Why Are Consequences an Important Part of Positive Parenting?

in Parenting FAQs

Consequences are the results of a given behavior. In positive parenting, consequences are the pillars that motivate and promote desirable behavior. They act as guidelines that govern the entire process of child-rearing.

Consequences affect every stage and milestone of the parenting process and should be positive reminders of the parents’ behavioral expectations for their children. According to this article, it is entirely the parents’ responsibility to use effective measures to determine consequences that will make the process fruitful and worthwhile.

The Importance of Consequences in Positive Parenting

Consequences in positive parenting are important because they establish good behavior and eliminate bad behavior.

Much like positive reinforcement, positive consequences involve praise, rewards, and emotional attention and operate under the assumption that children are more likely to repeat behaviors for which they are praised. Thus, positive consequences strive to encourage good behavior.

On the other hand, negative consequences are meant to discourage bad behavior. If a child does something wrong and a parent wishes to put a stop to it, the parent may punish the child by spanking the child, warning the child, or even withdrawing the child’s privileges so that the behavior will not be repeated.

Consequences remind children how to behave. Without consequences, children tend to become unruly and spoiled and may end up making bad decisions that negatively impact their growth in the long run.

Ways to Enforce Consequences

First, note that consequences need to be consistently applied in order to be effective. Below are some examples of ways to enforce consequences.

  1. Natural consequences. Natural consequences happen when children do not heed warnings. For instance, if a child is reckless, a parent warns the child to settle down to avoid breaking his or her toys. If the child does not listen, the toys will break, and the child has nothing to play with. The child will hopefully not repeat the same mistake once he or she knows the consequences of being reckless.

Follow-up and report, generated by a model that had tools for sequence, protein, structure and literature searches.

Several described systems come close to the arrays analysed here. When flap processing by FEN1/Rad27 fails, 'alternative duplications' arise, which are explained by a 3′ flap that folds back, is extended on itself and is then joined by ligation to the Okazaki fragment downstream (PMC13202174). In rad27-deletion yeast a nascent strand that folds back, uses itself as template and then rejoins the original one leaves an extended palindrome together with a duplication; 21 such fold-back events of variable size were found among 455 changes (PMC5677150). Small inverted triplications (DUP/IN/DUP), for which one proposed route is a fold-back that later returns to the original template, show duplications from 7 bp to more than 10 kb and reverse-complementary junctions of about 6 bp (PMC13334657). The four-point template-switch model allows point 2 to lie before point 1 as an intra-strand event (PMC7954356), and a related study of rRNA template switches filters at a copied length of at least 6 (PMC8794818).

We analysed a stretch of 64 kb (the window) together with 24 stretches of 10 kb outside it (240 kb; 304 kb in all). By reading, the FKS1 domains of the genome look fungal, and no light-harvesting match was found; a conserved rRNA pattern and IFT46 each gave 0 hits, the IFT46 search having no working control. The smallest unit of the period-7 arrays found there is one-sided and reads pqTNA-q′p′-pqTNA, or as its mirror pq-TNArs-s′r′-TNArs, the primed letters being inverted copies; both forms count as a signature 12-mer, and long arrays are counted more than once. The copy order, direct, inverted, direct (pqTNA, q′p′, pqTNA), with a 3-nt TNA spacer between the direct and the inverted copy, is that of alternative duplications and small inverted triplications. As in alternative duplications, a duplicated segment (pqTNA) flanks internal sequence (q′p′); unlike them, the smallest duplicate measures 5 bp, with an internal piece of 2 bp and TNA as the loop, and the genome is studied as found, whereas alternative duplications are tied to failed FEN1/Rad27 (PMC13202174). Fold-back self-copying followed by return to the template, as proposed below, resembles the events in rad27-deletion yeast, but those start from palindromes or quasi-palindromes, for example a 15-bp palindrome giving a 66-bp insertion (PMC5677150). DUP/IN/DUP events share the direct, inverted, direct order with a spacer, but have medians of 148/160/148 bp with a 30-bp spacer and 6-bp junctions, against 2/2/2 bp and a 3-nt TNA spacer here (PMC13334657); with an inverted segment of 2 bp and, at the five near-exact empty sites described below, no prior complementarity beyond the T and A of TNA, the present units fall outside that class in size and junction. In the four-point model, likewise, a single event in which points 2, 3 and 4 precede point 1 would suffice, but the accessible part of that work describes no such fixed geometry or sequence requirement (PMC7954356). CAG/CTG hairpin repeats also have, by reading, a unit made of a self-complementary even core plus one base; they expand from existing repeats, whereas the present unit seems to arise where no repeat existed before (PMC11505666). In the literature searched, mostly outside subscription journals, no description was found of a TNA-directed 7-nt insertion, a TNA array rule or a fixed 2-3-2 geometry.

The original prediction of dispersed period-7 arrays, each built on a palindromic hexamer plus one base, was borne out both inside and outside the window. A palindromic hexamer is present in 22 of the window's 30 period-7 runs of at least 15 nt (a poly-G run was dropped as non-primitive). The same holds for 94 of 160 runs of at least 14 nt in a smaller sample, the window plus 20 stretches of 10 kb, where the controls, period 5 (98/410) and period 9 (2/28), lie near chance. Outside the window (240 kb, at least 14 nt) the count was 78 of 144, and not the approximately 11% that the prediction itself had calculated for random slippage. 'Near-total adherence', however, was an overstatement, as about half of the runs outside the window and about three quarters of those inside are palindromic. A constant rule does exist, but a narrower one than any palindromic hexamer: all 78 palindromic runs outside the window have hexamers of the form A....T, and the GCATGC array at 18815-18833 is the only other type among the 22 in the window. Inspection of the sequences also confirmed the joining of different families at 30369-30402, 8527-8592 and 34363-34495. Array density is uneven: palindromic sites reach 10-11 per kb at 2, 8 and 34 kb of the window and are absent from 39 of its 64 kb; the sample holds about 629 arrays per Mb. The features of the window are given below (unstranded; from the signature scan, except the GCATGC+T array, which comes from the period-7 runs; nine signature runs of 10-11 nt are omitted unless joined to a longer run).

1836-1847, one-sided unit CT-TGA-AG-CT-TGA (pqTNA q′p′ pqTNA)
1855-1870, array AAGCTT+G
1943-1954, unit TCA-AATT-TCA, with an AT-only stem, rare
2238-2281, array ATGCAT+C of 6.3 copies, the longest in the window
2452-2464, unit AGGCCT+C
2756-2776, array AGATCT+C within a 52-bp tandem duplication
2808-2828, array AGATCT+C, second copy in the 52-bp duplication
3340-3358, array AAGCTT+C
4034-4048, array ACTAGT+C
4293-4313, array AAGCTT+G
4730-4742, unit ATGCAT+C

2. Reward. For example, if a child does well in school, the parent might buy him or her a new toy. Thus, the child may repeat the behavior because the behavior was rewarded. If the child’s performance drops, the child will be motivated to improve because of the positive consequences associated with good performance.
  3. Praising. Clapping, hugging, and praising a child for good deeds are positive consequences that encourage children to repeat the same behaviors.
  4. Attention. Giving a child attention and acknowledgment positively reinforces good behavior. The reverse is true for discouraging undesirable behavior.

Research says that positive parenting cannot operate without consequences in place because children will not know what to do or not to do without them. Ultimately, consequences are guidelines. In order for parenting to be effective, consequences must be enforced correctly and repeatedly.

Why are Consequences an Important Part of Positive Parenting?
Consequences are the pillars that motivate and promote desirable behavior. Photo by Thiago Cerqueira on Unsplash

References

  • Eisenberg, Nancy, Qing Zhou, Tracy L. Spinrad, Carlos Valiente, Richard A. Fabes, and Jeffrey Liew. “Relations among Positive Parenting, Children’s Effortful Control, and Externalizing Problems: A Three‐Wave Longitudinal Study.” Child Development 76, no. 5 (2005): 1055–1071. Retrieved from https://onlinelibrary.wiley.com/doi/full/10.1111/j.1467-8624.2005.00897.x
  • Schofield T.J., Conger R.D., Neppl T.K. “Positive Parenting, Beliefs about Parental Efficacy, and Active Coping: Three Sources of Intergenerational Resilience.” Journal of Family Psychology 28, no. 6 (2014):973–978. doi:10.1037/fam0000024. Retrieved from https://www.ncbi.nlm.nih.gov/pmc/articles/PMC5064951/

Hello! I am Roselia Shi, mom to a feisty one-and a-half-year-old girl named Tara. We live in Newport, Arkansas. I enjoy solving everyday health and parenting problems. I have a university degree in clinical pharmacy and pharmacology. I started exploring science-based parenting soon after Tara was born. Parenting Science is a small attempt to share some useful information and insights about responsive parenting.

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